Evaluation of 2007–2010 UN Human Rights Council Candidates

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Joint Analysis by Freedom House and UN Watch May 4, 2010

The Report in PDF Form

Background and Methodology

On May 17, 2007, the UN General Assembly will elect 14 new Human Rights Council members.  Fifteen countries are candidates.  However, each candidate is not competing against all of the others, but only against the ones from the same UN regional group.  In the election, the African and Asian Groups will each fill 4 seats and the Eastern European Group, the Latin American and Caribbean Group (“GRULAC”) and the Western Europe and Others Group (“WEOG”) will each fill 2 seats.

To become a Council member, a country must receive the votes of at least 97 of the 192 General Assembly member states (an absolute majority).  In voting, General Assembly members are supposed to “take into account the candidates’ contribution to the promotion and protection of human rights and their voluntary pledges and commitments made thereto.” An additional consideration ought to be whether the candidate can meet the obligations of Council membership, which include (a) “to uphold the highest standards in the promotion and protection of human rights” and (b) to “fully cooperate with the Council.”

UN Watch and Freedom House evaluated each candidate’s suitability for Council membership based on the following information:

  • Its rating in Freedom House’s  Freedom in the World 2007, an annual study measuring political rights and civil liberties worldwide that ranks countries as free, partly free, or not free;
  • Its rating in the 2007 Worldwide Press Freedom Index by Reporters Sans Frontières, an annual evaluation of global press freedom that classifies countries as having a good situation, a satisfactory situation, noticeable problems, a difficult situation, or a very serious situation;
  • Its rating in the Economist’s  2007 Index of Democracy, which considers a country’s electoral process and pluralism, civil liberties, government functioning, political participation, and political culture, and ranks it as a full democracy, a flawed democracy, a hybrid regime, or an authoritarian regime; and
  • Its voting record on important human rights issues in the 2006 session of the UN General Assembly’s Third Committee and, if the country was a member, in the 2006-07 sessions of the UN Human Rights Council. Each country’s record was classified as positive or negative based on the Democracy Coalition Project’s  analysis of Third Committee votes and UN Watch’s analysis of Human Rights Council votes.

UN Watch and Freedom House are nongovernmental organizations that monitor human rights mechanisms at the UN and advocate for greater promotion of human rights worldwide.

Ratings of Candidates

Each candidate’s suitability for election to the Human Rights Council was evaluated based on its record of human rights protection at home and of human rights promotion at the UN. Four candidate countries are strong in both regards and accordingly are well qualified for Council membership. On the other hand, four candidates are authoritarian regimes with negative UN voting records and are not qualified to be Council members under the applicable standards.  The remaining seven countries fall somewhere in between—three are free democracies with negative UN human rights voting records and four are countries with problems in either or both areas—and their qualifications are therefore questionable.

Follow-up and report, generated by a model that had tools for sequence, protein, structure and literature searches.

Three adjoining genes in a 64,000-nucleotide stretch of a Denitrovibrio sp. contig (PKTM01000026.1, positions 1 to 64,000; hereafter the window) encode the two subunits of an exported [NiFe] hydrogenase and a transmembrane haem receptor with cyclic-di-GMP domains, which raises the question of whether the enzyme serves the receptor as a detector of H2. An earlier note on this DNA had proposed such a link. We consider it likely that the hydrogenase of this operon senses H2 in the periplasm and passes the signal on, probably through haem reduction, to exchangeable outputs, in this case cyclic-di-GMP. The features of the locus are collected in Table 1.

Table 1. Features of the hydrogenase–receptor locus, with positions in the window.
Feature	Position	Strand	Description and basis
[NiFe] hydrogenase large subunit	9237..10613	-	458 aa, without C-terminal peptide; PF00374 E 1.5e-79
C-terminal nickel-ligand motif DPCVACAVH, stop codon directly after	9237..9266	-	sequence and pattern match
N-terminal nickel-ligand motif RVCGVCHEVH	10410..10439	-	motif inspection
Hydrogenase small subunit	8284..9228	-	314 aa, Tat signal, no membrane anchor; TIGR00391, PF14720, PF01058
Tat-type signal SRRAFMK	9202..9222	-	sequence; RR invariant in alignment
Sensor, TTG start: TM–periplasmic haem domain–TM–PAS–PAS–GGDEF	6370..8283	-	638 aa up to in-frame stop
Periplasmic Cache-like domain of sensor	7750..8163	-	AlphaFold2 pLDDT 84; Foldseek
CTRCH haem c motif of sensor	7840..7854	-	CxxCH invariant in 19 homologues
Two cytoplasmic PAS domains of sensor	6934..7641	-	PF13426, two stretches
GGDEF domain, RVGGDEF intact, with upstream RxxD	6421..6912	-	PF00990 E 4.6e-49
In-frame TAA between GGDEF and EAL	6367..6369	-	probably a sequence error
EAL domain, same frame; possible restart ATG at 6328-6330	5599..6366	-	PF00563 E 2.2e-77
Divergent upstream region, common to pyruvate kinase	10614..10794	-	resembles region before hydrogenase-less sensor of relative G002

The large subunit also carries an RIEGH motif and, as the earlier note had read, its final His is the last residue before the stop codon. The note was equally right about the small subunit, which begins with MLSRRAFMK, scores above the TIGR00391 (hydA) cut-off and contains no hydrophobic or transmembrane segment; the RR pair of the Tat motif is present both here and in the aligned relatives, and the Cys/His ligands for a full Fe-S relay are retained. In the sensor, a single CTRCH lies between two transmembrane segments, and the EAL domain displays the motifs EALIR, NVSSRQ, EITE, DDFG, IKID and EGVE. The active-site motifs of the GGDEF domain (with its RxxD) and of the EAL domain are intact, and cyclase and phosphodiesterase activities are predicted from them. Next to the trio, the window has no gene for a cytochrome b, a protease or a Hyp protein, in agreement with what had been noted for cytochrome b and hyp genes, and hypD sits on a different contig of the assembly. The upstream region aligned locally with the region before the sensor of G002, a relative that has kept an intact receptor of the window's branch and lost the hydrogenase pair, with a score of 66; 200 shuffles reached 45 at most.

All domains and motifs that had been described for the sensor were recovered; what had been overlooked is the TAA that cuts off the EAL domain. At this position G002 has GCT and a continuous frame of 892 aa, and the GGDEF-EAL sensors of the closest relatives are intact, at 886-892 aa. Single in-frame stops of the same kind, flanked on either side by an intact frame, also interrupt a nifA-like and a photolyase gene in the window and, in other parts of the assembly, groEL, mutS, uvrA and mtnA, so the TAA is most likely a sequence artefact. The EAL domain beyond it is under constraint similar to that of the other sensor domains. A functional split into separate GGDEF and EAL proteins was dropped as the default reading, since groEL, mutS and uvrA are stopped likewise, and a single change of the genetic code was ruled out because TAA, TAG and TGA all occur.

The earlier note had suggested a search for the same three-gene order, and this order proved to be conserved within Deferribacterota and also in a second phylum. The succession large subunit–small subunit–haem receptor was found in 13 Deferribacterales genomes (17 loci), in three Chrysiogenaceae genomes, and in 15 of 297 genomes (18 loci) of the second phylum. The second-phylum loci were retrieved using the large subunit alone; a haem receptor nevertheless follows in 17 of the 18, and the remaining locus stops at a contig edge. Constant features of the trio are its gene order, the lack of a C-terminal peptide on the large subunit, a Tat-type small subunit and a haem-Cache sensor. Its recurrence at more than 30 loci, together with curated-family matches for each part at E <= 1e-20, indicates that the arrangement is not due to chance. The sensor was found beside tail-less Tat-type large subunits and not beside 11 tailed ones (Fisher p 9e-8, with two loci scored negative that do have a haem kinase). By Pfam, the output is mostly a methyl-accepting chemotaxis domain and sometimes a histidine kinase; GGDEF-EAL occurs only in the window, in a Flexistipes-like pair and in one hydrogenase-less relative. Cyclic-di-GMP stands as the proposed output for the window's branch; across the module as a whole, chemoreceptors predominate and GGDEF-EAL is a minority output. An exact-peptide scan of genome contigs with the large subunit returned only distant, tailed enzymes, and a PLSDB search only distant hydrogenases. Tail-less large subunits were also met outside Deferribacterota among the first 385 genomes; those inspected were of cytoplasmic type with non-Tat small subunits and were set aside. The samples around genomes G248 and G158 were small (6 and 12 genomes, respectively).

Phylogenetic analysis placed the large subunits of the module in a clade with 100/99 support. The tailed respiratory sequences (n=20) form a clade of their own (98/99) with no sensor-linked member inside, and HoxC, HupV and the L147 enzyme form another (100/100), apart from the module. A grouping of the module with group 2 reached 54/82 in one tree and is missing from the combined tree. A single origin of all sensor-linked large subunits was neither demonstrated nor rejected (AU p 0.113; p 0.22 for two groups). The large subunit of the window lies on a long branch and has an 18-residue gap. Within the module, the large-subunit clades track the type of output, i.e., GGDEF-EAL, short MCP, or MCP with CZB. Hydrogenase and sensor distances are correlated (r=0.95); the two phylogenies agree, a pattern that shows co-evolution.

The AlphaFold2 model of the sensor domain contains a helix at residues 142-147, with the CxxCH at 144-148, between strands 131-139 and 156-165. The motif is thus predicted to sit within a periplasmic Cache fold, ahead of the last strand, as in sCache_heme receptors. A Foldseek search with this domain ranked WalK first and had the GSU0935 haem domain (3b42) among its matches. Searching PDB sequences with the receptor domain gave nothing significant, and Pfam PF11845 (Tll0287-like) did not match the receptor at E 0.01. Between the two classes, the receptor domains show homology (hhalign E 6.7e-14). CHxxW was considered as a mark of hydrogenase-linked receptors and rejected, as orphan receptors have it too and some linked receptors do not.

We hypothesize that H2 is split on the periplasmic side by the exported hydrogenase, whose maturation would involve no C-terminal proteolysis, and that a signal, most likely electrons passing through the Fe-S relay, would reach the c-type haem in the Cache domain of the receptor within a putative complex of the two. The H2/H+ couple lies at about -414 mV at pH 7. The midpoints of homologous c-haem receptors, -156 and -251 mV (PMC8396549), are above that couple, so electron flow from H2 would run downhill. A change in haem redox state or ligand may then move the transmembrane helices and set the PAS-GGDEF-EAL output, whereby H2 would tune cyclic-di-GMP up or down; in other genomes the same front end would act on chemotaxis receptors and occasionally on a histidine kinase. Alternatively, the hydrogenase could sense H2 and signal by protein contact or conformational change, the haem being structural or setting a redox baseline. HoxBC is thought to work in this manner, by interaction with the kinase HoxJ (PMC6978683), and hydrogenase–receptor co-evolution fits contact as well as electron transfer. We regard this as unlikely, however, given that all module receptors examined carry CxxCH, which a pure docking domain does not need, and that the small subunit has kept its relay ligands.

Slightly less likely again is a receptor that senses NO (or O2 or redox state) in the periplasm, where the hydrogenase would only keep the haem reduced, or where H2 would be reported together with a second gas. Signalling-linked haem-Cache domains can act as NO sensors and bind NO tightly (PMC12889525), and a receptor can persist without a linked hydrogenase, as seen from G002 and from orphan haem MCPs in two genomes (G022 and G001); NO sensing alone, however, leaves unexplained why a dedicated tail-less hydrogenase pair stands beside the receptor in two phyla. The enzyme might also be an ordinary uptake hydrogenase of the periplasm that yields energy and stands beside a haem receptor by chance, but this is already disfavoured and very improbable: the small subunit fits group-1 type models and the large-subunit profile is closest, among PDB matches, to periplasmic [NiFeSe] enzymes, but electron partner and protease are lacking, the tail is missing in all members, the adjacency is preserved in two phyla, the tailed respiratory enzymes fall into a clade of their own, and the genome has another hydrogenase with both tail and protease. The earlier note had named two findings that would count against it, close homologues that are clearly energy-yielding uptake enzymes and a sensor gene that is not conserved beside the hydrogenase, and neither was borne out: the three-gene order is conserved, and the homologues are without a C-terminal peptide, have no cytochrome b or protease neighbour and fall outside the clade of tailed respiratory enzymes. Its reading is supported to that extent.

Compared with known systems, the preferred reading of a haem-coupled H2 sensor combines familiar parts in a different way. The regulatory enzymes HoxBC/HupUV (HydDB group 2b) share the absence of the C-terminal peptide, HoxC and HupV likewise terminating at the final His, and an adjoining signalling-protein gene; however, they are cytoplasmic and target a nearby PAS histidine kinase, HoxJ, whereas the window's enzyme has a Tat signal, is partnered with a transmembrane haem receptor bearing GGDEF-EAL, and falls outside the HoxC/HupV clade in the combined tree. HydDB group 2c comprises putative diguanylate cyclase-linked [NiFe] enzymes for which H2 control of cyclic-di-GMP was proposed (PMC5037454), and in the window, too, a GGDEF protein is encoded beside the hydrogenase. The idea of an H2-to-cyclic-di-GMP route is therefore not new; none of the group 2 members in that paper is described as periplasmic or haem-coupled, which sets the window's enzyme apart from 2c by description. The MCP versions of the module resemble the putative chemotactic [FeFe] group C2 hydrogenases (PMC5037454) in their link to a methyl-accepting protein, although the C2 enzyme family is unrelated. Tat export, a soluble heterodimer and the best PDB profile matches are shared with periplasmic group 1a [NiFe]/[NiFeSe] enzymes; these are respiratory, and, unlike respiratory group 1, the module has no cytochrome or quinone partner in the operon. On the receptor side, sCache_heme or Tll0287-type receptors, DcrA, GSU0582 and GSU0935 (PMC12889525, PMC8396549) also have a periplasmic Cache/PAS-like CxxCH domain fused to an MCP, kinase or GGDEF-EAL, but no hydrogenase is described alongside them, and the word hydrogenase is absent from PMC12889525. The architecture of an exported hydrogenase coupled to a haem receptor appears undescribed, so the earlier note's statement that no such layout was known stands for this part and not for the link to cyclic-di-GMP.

Well Qualified:     Denmark, Italy, Netherlands, Slovenia.
Questionable:      Bolivia, India, Indonesia, Madagascar, Nicaragua, Philippines, South Africa.
Not Qualified:      Angola, Belarus, Egypt, Qatar.

For supporting information, see the attached charts.

Candidates from the African Group (for 4 seats)
To replace Algeria, Morocco, South Africa, Tunisia

 

 

 Country  FH Rating RSF
Ranking
Economist
Rating
UN Voting
Record
Suitability for
Membership
 Angola Not Free Noticeable
Problems
Authoritarian Regime Negative Not Qualified
 Egypt Not Free Difficult
Situation
Authoritarian Regime Negative Not Qualified
 Madagascar Partly Free Satisfactory
Situation
Hybrid Regime Negative Questionable
 South Africa Free Satisfactory
Situation
Flawed Democracy Negative Questionable


Candidates from the Asian Group (for 4 seats)
To replace Bahrain, India, Indonesia, Philippines

 

 

 Country FH Rating RSF
Ranking
Economist
Rating
UN Voting
Record
Suitability for
Membership
India Free Noticeable
Problems
Flawed Democracy Negative Questionable
Indonesia Free Noticeable
Problems
Flawed Democracy Negative Questionable
Philippines Partly Free Difficult
Situation
Flawed Democracy Negative Questionable
Qatar Not Free Noticeable
Problems
Authoritarian Regime Negative Not Qualified


Candidates from the Eastern European Group (for 2 seats)
To replace Czech Republic, Poland

 Country FH
Rating
RSF
Ranking
Economist
Rating
UN Voting
Record
 Suitability for
Membership
Belarus Not Free Very Serious
Situation
Authoritarian Regime Negative Not Qualified
 Slovenia Free Good
Situation
Full Democracy Positive Well Qualified


Candidates from GRULAC (for 2 seats)
To replace Argentina, Ecuador

 

 

 Country FH
Rating
RSF
Ranking
Economist
Rating
UN Voting
Record
Suitability for
Membership
Bolivia Partly Free Noticeable
Problems
Flawed Democracy Positive Questionable 
Nicaragua Partly Free Satisfactory
Situation
Hybrid Regime Positive Questionable


Candidates from WEOG (for 2 seats)
To replace Finland, Netherlands

 

 

 Country  FH
Ranking
RSF
Ranking
Economist Rating UN Voting
Record
Suitability for
Membership
 Denmark  Free Good
Situation
Full Democracy  Positive Well Qualified
Italy  Free Satisfactory
Situation
Flawed Democracy  Positive Well Qualified
 Netherlands  Free Good
Situation
Full Democracy Positive Well Qualified

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